When using cost-per-click advertising, you can quickly decide when to start and stop campaigns, so you know how much you paid through the duration your ads ran on the search engine. This allows you to adjust your ads campaign to be within budget. Also, you can run an ad campaign for as long as you want and you have no upfront cost, which can have enormous growth potential.

Related: Formula for Cost Per Unit Calculation (With Examples)

Providing accessible performance metrics

You can see the performance of your ads as the user clicks on them, which can determine how much your team wants to spend for the quarter or the year depending on your marketing budget. You can also find out who's clicking on your team's ads. Additionally, you have the option of adjusting your keywords and adding a promotion that incentivizes leads to go to your website.

Related: Customer Acquisition Cost (CAC): What It Is and How To Improve It

Improving exposure opportunities

You can attract your target and new audiences to your employer's products with quality ad campaigns. Cost-per-click campaigns allow you to apply remarketing tools that can drive the user back to your website based on their search history. The association with your employer's brand and the search gives familiarity to the user, so they search for that brand again when they want to make a purchase.

Related: What is Strategic Planning? Definition, Techniques and Examples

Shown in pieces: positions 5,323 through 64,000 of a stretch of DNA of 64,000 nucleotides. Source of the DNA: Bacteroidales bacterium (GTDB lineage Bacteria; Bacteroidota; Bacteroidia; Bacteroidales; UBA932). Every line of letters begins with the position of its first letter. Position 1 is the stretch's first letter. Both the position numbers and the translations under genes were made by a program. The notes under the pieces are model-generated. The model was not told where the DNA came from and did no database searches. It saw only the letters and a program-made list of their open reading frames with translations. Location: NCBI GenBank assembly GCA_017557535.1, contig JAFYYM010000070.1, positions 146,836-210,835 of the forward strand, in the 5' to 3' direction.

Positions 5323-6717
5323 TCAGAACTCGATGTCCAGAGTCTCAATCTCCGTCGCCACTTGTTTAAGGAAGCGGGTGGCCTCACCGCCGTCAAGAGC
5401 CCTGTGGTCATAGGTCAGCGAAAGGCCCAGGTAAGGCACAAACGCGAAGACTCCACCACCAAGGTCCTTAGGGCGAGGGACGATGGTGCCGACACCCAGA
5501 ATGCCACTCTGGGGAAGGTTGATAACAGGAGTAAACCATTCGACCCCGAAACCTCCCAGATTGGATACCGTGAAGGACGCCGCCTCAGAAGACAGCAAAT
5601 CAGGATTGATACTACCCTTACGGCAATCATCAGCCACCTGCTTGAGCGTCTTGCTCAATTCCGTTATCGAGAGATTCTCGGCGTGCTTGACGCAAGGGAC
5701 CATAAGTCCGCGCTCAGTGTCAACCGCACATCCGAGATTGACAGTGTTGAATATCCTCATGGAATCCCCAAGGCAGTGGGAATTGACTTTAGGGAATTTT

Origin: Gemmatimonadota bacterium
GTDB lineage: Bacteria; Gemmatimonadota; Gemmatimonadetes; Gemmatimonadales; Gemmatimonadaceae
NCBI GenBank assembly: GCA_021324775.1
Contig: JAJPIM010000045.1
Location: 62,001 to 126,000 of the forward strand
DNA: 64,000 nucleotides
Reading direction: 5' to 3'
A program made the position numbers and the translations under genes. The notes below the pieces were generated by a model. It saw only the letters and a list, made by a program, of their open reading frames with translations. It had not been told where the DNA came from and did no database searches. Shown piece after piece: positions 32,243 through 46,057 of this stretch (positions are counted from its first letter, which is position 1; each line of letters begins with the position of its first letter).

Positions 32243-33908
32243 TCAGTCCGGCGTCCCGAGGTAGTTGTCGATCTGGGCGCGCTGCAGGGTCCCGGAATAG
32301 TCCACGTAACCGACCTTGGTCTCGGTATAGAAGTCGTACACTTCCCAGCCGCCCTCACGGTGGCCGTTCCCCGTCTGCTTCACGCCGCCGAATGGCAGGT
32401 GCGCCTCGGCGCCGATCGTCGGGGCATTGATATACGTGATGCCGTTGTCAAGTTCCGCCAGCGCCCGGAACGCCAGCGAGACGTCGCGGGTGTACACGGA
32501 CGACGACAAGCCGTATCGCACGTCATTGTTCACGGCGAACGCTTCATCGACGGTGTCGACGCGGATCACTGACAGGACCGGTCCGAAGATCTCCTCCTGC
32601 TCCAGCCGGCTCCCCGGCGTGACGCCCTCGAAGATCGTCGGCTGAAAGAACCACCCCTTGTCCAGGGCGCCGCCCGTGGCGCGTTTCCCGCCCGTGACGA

How to calculate cost per click

Follow these steps to calculate cost per click for your team:

1. Identify the ad campaign you're calculating

You can run multiple ad campaigns using different keywords to see which one is the most searchable. This way, you can gain insight into the numbers behind your employer's brand impact and you can note the demographics that showed up on your searches. This can lead to a separate marketing campaign if you see a different target audience consistently interacting with your employer's website.

Related: What Is Cost per Ticket? (With Factors That Affect It)

2. Determine the total cost per click

The average price per click shows up when you search for available keywords that you want to use for your ad campaign. The cost can vary depending on the number of companies bidding for the keyword. It notes the competition you may have with others in using it. You want to look out for the total cost of each click to begin finding the average amount for the campaign. Let's assume that the total cost per click is $19.90 to make this calculation.